When a man died by suicide in 2016, a friend found an unsent SMS on his phone:
Dave Nic you and Jack keep all that I have house and superannuation, put my ashes in the back garden with Trish Julie will take her stuff only she’s ok gone back to her ex AGAIN I’m beaten. A bit of cash behind TV and a bit in the bank Cash card pin 3636 MRN190162Q 10/10/2016 My will
Following a dispute between the man’s widow and his brother and nephew, the Supreme Court of Queensland decided the message was a valid will.
The case represents a growing body of legal decisions reflecting how the digital age is challenging the courts.
The changing definition of the word ‘document’
In the UK, the Law Commission is reviewing the law of wills to decide whether it should reflect the ubiquity of digital technologies.
Except in very limited exceptional circumstances, a will is a document. To be a valid formal will, there are certain requirements: it must be in writing, on paper, signed by the testator, witnessed by other people, and formally executed. Specific formal language is encouraged.
In law, documents – more than witnesses or physical objects – have become the most important form of evidence.
But in the digital age, the distinction between a document, a witness and real evidence is becoming more difficult to perceive, and pointless to sustain.
What we understand as a “document” has expanded to include a potentially limitless range of digital forms and devices.
Challenges abound. Digital documents are long, ubiquitous, intangible, difficult to authenticate, easy to duplicate and modify. They sometimes bring more questions than answers.
The case of the unsent SMS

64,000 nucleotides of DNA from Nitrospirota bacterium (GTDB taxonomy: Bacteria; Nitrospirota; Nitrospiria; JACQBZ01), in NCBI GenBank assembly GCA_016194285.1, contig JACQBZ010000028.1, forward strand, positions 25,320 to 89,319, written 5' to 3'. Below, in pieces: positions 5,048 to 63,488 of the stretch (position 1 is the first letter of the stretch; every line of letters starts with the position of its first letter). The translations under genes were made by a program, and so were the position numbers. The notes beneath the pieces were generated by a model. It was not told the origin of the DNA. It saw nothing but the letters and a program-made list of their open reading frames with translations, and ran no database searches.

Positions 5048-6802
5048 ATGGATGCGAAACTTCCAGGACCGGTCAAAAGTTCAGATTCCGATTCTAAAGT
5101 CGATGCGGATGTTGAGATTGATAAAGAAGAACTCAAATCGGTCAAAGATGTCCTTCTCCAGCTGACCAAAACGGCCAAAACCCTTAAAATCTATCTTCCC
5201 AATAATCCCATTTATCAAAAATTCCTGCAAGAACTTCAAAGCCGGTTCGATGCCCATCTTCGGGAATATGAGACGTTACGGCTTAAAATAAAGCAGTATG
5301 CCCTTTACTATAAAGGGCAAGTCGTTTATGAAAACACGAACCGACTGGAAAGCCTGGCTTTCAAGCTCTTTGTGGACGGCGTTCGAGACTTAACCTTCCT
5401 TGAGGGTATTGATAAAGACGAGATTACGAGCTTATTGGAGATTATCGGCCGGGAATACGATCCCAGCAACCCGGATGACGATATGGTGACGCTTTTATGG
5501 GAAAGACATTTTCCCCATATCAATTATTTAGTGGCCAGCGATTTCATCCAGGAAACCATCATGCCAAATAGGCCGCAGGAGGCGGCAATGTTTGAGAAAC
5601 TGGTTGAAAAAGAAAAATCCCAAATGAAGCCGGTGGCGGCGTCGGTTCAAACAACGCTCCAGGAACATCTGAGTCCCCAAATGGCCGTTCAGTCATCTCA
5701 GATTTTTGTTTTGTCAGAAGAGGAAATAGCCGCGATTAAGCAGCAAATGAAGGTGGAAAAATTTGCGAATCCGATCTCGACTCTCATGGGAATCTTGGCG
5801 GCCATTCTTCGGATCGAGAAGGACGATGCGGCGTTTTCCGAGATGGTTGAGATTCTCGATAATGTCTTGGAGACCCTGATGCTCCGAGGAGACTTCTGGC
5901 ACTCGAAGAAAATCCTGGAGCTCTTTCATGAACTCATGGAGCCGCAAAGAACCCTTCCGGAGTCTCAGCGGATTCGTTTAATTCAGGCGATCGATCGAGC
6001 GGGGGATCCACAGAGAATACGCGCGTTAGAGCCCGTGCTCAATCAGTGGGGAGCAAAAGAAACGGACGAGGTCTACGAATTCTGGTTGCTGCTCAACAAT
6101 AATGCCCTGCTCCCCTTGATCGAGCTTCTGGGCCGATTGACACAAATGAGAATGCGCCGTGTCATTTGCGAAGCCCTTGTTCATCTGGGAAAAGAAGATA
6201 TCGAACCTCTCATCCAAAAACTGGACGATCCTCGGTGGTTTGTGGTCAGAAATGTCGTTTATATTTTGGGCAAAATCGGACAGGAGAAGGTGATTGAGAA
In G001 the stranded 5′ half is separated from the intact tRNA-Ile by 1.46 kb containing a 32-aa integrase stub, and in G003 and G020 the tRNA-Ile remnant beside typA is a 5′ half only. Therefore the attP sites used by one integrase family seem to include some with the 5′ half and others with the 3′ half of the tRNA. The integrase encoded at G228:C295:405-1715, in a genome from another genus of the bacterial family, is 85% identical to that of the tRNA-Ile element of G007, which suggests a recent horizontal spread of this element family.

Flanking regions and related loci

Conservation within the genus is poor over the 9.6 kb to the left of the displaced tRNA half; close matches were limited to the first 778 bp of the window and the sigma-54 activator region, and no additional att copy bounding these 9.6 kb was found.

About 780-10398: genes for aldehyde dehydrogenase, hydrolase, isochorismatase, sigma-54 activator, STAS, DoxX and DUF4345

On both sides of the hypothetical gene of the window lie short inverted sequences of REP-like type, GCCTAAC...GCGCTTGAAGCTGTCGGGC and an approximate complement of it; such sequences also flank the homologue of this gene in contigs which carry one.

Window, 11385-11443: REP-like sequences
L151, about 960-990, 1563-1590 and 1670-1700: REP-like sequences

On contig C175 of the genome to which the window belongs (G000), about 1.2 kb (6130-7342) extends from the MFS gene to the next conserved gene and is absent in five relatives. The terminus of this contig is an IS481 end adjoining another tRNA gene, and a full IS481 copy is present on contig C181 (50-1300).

The Supreme Court of Queensland had no difficulty in finding that the unsent text message was a document. However, it was not a formal will. Informal wills can still be valid in some circumstances. The court noted that the unsent message was identified as a will, dated, contained the deceased’s initials and date of birth (“MRN190162”).
It identified most of his assets, included clear wishes about their distribution, provided a pin code and gave instructions about his ashes.
The court also considered his state of mind at the time of his death, determining he had sufficient capacity to make a will. It considered the fact the man didn’t send the text message: did it mean that his will was still in draft form and did not reflect his final wishes?
The court accepted evidence that he did not send the message so that his family would not interrupt his suicide. Despite lacking nearly all of the formalities of a will, it was found to be his valid last will and testament.Shutterstock
The case of the tractor fender will
In 1948, Cecil George Harris died following an accident on his Saskatchewan wheat farm. He had been trapped underneath his tractor for 12 hours in torrential rain. His wife and neighbours eventually found him during a lightning storm. Despite their best efforts, he died of his injuries.
Two of his curious neighbours went to examine Harris’ stricken tractor and found that message he’d scratched into the paint on the fender:
In case I die in this mess I leave all to the wife. Cecil Geo. Harris
The neighbours removed the fender after his funeral and conveyed it to a local lawyer. It was eventually held to be Harris’ last will and testament. Because this case is now a quirky landmark of Saskatchewan succession law, the fender and the knife Harris used to carve his message are now on display in the library of the University of Saskatchewan law school.
What would the deceased have wanted?
Grief, generosity, love, regret, hate, spite, retribution, eccentricity: the full gamut of human emotions are revealed in a person’s will, and in the conduct of their beneficiaries and descendants after death.
Probate courts are required to walk into this emotional minefield, and ask: what would the deceased have wanted?
When a deceased person hasn’t left a will, or they’ve left one that’s deficient, the court looks for clues.
And, as history tells us, the courts have often acted with considerable sensitivity and flexibility in trying to do justice to the dead.
If this article has raised issues for you, or if you’re concerned about someone you know, call Lifeline on 13 11 14.
In Case I Die In This Mess was made by Impact Studios at the University of Technology, Sydney - a new audio production house combining academic research and audio storytelling. It is the first episode in a four part series titled ‘The Law’s Way of Knowing’, available for download through the award-winning UTS History Lab podcast.
Authors: Katherine Biber, Professor of Law, University of Technology Sydney